State, occasionally, likes pop. We certainly wouldn’t spend our weekends listening to the chart rundowns or sticking posters of Britney to our bedroom walls, but we know it has its place, in an entertaining, sticks in the head, passes the time kind of way. We draw the line, though, at Owl City.
Having already launched a single that’s so painfully similar to a Postal Service track that they’ve probably only avoided legal action as Postal Service want to avoid any more comparisons, we didn’t have high hopes for Owl City’s full album. Somehow it’s turned out even worse than we anticipated. The best side to Ocean Days is the backing track, which sounds something like a GameBoy game soundtrack, full of cringingly upbeat tunes (we genuinely believe that there’s not one minor key on this entire album) and bleepy, throwaway rhythms. We can only call the backing track the best side (-okay’ is a little too polite) as the vocals are so much worse.
Let’s set aside the ludicrous lyrical content of -Fireflies’ (which you’ve probably winced along to already), and look at the album tracks. Perhaps the worst culprit is a track called -Dental Care’, which sounds like a child’s pun-ridden take on something monumentally uneventful. It features lines like -I’ve been to the dentist 1,000 times, and I know the drill’, as well as a full on account of Adam Young’s entire tooth-care experience in painstaking detail. Other stand-outs include painfully sappy moments like -take a real good look through your text book, cos I’m history’ (Cave In) and -cars and alcohol don’t mix, that’s why I don’t drink and drive, cos good grief I’d knock out my teeth and kiss my smile goodbye’ (we didn’t catch which track that particular effort is from, and refuse to go back and find out).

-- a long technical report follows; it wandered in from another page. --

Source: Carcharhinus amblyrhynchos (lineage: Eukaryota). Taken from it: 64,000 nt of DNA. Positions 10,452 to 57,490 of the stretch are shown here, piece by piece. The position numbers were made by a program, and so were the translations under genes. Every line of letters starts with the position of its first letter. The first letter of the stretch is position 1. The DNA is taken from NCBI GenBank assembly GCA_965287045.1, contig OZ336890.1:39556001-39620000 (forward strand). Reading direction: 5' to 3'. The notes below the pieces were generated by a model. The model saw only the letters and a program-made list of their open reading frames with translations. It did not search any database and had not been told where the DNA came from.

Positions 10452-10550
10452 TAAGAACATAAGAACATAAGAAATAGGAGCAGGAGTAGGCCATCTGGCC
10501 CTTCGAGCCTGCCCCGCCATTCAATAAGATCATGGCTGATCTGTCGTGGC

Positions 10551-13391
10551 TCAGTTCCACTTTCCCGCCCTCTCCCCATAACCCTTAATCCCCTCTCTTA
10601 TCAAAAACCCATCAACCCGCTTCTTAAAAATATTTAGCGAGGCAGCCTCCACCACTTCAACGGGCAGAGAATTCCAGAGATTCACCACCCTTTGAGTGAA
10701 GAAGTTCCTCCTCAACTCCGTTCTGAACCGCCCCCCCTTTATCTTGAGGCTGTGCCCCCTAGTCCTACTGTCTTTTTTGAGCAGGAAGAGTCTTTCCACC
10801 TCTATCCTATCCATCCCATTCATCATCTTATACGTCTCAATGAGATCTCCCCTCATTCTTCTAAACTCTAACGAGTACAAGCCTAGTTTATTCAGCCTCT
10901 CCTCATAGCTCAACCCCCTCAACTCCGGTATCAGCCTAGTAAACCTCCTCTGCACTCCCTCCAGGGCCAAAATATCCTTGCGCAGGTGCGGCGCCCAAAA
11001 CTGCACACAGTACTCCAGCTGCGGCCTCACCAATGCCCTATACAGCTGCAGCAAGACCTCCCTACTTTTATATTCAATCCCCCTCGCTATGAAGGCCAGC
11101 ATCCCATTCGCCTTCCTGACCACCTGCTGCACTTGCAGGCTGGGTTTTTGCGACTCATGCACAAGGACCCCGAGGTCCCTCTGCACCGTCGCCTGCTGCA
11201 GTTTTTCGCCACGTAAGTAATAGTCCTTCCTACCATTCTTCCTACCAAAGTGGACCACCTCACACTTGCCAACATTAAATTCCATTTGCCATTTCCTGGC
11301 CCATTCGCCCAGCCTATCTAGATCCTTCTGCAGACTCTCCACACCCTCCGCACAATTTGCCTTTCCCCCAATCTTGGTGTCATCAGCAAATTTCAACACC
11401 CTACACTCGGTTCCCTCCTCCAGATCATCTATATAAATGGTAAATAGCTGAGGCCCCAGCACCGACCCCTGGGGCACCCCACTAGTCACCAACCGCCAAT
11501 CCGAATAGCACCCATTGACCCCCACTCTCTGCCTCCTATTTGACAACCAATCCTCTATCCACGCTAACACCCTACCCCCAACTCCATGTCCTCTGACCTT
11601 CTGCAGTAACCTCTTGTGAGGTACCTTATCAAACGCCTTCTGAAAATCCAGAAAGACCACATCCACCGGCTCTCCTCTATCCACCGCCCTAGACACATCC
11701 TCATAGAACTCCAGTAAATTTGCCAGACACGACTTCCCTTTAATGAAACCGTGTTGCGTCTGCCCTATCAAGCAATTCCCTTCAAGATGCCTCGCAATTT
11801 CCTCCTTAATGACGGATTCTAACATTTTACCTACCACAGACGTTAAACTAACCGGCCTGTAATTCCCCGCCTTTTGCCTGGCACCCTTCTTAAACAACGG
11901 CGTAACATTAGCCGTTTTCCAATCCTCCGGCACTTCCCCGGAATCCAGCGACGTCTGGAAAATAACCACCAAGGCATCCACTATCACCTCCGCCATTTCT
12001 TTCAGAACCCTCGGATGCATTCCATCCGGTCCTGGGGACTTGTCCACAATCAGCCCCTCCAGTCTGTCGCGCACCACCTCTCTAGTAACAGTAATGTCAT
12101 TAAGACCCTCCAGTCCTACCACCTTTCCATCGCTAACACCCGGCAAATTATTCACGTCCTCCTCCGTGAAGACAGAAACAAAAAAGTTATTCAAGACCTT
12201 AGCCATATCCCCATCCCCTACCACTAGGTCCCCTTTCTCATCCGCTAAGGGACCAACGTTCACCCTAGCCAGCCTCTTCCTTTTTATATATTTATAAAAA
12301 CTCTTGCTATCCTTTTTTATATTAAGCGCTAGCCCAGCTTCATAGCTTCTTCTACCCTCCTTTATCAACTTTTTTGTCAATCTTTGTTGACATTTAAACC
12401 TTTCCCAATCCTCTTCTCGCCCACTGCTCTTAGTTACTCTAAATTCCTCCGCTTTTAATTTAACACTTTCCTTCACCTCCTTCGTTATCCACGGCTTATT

That’s before you even get into the autotune, and it’s on pretty much every single word, leading State to ask ourselves if Adam Young can actually sing at all. If he can – and it’s meant as an effect – the excessive use only adds a robotic element to the ludicrously juvenile. This album’s selling by the bucket load, but aside from very young children with a penchant for bad poetry, it’s hard to think who might actually be buying it. It’s the kind of effort that can only have two effects: uncontrollable laughter, or genuine concern for the state of a music buying public who will actually pay for such tat, and a music industry that will promote it.
In short, Owl City come across a little like an electro Mika, though without his redeeming features – no entertaining campness or lyrical witticisms. There are one hundred ways we could have dissected this album, the result would always be the same. It’s frankly one of the worst that we’ve ever had the misfortune to listen to. Adam Young, we want the last hour of our life back.